/ monsters university
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Right off the bat, Monsters University, the prequel to 2001’s Monsters, Inc. is a strange proposition. Neither as effortlessly charming, surprising, or funny as the original, it inhabits the liminal space that all prequels inevitably fall into, falling prey to the same problem: that the past is rarely interesting when the future is a foregone conclusion.
The original adventure, part bureaucratic satire, part high-concept culture clash comedy, was anchored by the affable friendship of its central monsters, monocular Mike (Billy Crystal) and regular joe-shmoe Sully (John Goodman). Monsters University is concerned with chronicling how this friendship came to be… and little else.
Since his earliest days, geeky Mike Wazowski has dreamed of being a world-class scarer for Monsters, Inc. Accepted into Monsters University, he enrolls in the prestigious Scare School, where he instantly clashes with James P. Sullivan, an arrogant jock from a famous scaring family. When their rivalry results in their expulsion from the program, the unlikely pair team up to compete in the Scare Games, a competition pitting the best frats and sororities against one another in tests of dexterity, bravery, and – you guessed it – fear factor. If they win, they’ll be re-accepted into the Scare School; if they fail, they must pack their bags and leave Monsters U… for good.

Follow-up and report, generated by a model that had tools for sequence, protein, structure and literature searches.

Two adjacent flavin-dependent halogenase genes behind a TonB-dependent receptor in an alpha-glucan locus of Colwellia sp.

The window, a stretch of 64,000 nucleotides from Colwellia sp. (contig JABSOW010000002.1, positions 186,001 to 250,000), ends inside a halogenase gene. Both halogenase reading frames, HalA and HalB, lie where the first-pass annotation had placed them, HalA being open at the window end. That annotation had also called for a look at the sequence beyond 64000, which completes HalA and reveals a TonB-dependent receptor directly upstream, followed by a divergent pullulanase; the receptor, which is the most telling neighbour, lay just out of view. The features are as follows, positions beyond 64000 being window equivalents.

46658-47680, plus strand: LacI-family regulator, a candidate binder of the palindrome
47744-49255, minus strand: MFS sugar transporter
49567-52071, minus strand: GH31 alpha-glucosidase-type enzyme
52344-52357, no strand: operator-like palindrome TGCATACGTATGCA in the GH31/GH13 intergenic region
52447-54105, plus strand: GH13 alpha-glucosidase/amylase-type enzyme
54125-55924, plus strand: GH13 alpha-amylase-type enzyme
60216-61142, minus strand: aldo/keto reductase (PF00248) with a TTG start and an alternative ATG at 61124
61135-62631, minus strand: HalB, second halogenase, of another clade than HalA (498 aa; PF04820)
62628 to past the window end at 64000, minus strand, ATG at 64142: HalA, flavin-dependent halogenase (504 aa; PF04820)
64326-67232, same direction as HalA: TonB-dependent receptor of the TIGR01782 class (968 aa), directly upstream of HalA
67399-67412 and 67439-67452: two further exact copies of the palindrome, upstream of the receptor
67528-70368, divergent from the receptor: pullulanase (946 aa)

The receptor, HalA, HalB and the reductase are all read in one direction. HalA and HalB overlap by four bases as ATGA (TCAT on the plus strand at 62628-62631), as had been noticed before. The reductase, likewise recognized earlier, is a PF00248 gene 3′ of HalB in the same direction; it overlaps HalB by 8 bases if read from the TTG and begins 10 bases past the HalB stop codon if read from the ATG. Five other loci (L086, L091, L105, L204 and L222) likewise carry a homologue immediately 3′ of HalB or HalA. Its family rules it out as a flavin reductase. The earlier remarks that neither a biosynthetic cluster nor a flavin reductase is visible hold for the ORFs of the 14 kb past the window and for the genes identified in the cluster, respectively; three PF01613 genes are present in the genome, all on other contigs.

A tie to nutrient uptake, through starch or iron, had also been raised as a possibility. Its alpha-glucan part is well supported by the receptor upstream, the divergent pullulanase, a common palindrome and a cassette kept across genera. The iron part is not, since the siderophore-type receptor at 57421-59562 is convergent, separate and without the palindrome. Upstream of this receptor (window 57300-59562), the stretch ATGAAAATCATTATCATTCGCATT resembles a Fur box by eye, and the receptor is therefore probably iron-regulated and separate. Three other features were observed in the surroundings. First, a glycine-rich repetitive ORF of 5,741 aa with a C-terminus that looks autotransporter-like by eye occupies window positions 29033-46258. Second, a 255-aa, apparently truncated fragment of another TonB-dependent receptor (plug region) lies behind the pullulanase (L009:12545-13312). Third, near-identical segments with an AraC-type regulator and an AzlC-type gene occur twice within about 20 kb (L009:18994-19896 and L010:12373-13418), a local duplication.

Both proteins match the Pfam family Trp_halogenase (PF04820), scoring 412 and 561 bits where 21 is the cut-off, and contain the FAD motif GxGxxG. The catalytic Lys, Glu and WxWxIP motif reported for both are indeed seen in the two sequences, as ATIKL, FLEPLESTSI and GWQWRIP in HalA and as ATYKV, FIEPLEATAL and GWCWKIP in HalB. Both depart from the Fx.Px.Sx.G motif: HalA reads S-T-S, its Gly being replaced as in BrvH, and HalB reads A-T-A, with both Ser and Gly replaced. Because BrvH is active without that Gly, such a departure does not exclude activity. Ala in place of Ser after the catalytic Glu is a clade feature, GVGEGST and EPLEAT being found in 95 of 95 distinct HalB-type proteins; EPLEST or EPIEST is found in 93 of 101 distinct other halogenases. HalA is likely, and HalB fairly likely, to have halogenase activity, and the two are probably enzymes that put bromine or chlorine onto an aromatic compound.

While their future selves will contend with world-ending peril, the morality of fear, and the fundamental nature of society and their role in it, Monsters University, for the majority of its length, aims significantly lower. Struggling for a consistent tone and a compelling narrative, it plays as a confused unofficial remake of Revenge of the Nerds, complete with frathouse highjinks, study montages, and an evil Dean (voiced by Helen Mirren).
The film’s intended audience is the most puzzling of its disparate elements: who exactly is the film for? Much of its satire plays into its university setting, but the jokes, word play, and slapstick are resolutely G-rated. Granted, the original film found success and cross-generational appeal in fairly adult concepts and situations; the character of Boo, the little girl trapped in the monster realm, went some way to bridging the original’s gap between content and tone. But Monsters University never finds a compromise that lands, relying on our existing affinity for the two protagonists to carry its drama, and the foregone knowledge that things will work out right in the end.
The film’s one concession is a shift late in its second act, which forms most of the fake-out climax (a clumsy trend Pixar is increasingly indulging). The realization that no matter how hard you try, you may not achieve your dreams – life, no matter what you’ve been raised to believe, is not entirely fair – is a bitter, soul-crushing rite of passage: one explicitly reserved for those transitioning from the realm of child to adulthood. This revelation is all to brief, however, and too lost in the nearly two-hour runtime to really make an impact.
That success doesn’t come easy – not in real life, and not for Mike and Sully – is a return to the emotionally honest kind of filmmaking that, in essence, Pixar made its name with – and an irony they would do well to remember.